We assert that public reaction to these representations is a key moral force in development discourse. Anthropologist Mary Douglas (1966) notes that ‘where there is dirt, there is system’ (ibid:36). It is in the ‘margins and unstructured areas’ of neoliberal systems that the ‘idea of society’ generates the moral energy to ‘stir men [and women] into action’ (ibid:115). We argue that development discourse valorises the expansion of “system” (stability, wealth, civilisation) and “order” (health, cleanliness, nutrition) to accentuate the heroism of aid work as a form of ‘supercitizenship’ (Lutz, 2001:236).
However, these valourous representations rarely align with the applied practice of everyday humanitarian work. Shaped by corporate-governmental agendas and neoliberal logics, humanitarian aid programmes often perpetuate existing and ‘dominant power structures’ (Green, 1994:240) at the expense of those they advertise to be helping. In this sense, humanitarian projects may achieve their ‘political effects’ (Lewis and Mosse, 2006:3), whether they help or not. Consequently, ethnographic research (i.e. Peters, 2016) indicates that ‘foreign’ (international) workers often feel distressed by structural constraints imposed upon them by aid organisations. They may be unable to follow their moral convictions, be forced to abandon their project, or feel they have been tasked with the impossible, due to bureaucratic management and imperatives.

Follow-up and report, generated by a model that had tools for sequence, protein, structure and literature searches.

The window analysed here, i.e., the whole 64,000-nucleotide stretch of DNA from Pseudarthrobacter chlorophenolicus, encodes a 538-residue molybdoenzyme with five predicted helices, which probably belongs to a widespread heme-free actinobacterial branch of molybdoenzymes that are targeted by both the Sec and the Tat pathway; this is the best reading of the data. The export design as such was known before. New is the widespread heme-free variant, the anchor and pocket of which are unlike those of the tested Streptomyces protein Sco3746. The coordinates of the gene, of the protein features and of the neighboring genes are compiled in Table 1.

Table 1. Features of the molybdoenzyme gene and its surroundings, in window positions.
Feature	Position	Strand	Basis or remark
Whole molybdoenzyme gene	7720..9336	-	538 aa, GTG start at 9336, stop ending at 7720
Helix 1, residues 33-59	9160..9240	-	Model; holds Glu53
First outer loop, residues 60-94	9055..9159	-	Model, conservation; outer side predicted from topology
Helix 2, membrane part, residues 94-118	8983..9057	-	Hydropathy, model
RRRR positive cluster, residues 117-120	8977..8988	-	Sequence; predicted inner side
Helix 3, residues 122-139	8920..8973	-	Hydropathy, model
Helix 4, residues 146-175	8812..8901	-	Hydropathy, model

Anthropologist Anne-Meike Fechter conceptualises aid worker distress as a form of ‘moral labour’ (2016), cast as an unavoidable and implicit “part of the job”. This design generates and maintains an affect of ‘inevitable disjuncture’ (Quarles van Ufford, et al. 2003), that is also experienced by “local” workers (indigenous). Despite local employment constituting a “priority” for indigenous empowerment, local aid workers are typically afforded fewer privileges and less pay than foreign workers. Furthermore, they are subject to more screening and hold less decision-making power. This stands in stark contrast to representations of local workers empowered to make a difference. Often faced with little economic alternative, local workers must perform moral labour as they navigate the gap between the ‘ideal worlds’ and ‘social realities’ of aid work (Lewis and Mosse, 2006:2). These challenges faced by aid workers reveal how moral expectations of aid may differ substantially from actualised practice, and have the potential to facilitate ‘new damages’ and ‘renewed disparities’ (Stoler, 2013:7) among aid recipients.